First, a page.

Bear in mind I’m not saying that Microsoft say, has APIs but doesn’t release them, or have designed product with no APIs at all. I don’t know what the state of API access for Entourage and Outlook mail database formats are – and frankly, I don’t care. For client-side mail storage, there shouldn’t need to be an API to access the database, and a licensed backup product necessary to do anything more advanced than cold backups. It’s just email. It should be plain text and immediately accessible.

Given the complexity of integration achieved by say, Apple’s mail/calendaring (particularly when including Apple’s server product) using an individual file structure for mail storage, and given the complexity of integration achieved by Domino for a series of much smaller databases, and given the complexity of integration achieved by Groupwise for a series of much smaller databases, there is no excuse for Microsoft.

Is this article a rant? Yes, you could perhaps argue that it is. Maybe I was standing on a soapbox the entire time I was writing it, but it is a rant grounded in some architectural reasoning: using monolithic database storage for client side applications when it is not required and when incremental backups would be highly desirable is at best distastefully inelegant.

* If you’ve not had exposure to it, Entourage is the “Outlook”ish mail client for the Macintosh.

** I don’t, because I exclude Entourage from Time Machine backups.


7 Responses to “Architectural failings of monolithic personal mail databases”

  1. ZFS is planned for Mac OS 10.6 Server, and I can only hope that it will arrive for non-Server not too long after that. Using snapshots and ‘zfs send / recv’ will certainly make creating copies of these things a lot easier.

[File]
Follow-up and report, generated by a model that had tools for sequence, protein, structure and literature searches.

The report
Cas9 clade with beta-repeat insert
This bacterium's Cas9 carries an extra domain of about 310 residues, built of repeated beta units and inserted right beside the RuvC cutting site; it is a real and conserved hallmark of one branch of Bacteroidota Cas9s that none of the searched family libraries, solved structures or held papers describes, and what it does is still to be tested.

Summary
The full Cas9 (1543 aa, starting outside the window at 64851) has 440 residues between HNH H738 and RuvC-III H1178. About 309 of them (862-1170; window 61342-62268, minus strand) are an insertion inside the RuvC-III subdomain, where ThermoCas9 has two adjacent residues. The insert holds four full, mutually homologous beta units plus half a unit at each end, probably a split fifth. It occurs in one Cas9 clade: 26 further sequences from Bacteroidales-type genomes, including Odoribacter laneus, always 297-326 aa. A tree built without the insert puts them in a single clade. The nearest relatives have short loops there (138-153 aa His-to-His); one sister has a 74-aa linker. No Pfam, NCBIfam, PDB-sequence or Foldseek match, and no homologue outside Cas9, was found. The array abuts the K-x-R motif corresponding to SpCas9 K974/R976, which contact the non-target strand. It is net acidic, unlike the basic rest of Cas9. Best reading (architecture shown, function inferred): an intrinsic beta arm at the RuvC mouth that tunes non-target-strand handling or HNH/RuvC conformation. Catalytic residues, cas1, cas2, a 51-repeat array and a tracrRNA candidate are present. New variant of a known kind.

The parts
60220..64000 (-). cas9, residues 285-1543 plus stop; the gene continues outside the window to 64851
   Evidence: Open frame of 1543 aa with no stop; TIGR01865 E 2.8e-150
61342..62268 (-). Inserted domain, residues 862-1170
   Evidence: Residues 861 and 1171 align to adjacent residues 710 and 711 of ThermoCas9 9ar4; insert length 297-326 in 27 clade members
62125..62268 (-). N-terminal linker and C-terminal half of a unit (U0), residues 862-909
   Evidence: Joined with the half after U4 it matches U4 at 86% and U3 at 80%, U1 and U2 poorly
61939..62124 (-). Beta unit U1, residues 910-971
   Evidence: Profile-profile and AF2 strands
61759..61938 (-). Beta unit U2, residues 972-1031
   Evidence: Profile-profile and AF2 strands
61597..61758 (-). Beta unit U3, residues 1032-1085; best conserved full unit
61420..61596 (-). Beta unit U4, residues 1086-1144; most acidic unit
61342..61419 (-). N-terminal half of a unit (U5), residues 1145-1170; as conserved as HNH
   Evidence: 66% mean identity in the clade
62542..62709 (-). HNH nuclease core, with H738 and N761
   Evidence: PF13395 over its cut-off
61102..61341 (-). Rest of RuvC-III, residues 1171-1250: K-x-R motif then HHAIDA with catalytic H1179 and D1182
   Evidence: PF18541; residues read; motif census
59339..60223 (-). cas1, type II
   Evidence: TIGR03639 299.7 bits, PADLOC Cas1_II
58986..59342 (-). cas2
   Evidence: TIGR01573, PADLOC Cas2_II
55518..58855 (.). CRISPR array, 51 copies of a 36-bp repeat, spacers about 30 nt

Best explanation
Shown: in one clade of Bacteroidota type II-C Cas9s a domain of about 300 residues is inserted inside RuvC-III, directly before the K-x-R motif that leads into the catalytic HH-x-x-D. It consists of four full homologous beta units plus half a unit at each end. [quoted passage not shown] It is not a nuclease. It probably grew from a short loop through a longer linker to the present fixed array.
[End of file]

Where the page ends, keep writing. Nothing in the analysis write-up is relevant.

2. Preston said

    True, snapshots will help, but even with snapshots we still need to be able to safely quiesce the database prior to the snapshot being taken. (Admittedly with fast snapshots – e.g., copy-on-write, the time you have to quiesce for is very low.) I’d still see that one would either need to say, quit/relaunch Entourage around the generation of the snapshot, or MS would need to write in ZFS hooks to allow safe suspension of the database first…

  3. David Magda said

    Total quiescence wouldn’t strictly be necessary. Entourage simply has to ensured that all changes to file are transactional (a la an SQLite database file or Berkeley DB).

    If all updates to the ‘PST’ are transactional, and all changes to ZFS are ACID, then the the combination would (theoretically) ensure an always-consistent file.

    Who knows if this is actually the case with the file though.

    • Preston said

      I think though that using a non-monolithic file format, and ensuring that you don’t need cross-file consistency (aka regular email) would be a far more logical design…

      • David Magda said

        Yes it would, but if you’re stuck with a binary blog, it should at least be ACID.

      • Preston said

        Based on the preliminary reports I’m seeing it looks like ZFS has been pulled from Snow Leopard server (perhaps only as a short-term item rather than a permanent decision, we’ll have to wait and see), so I assume it will be even longer before it appears on the non-server version of the OS.

  4. […] Oh I recognise the arguments in opening it up: it will allow developers to come up with custom access programs/software, and that may include utilities to allow easier block level backup of local PST files. (See here.) […]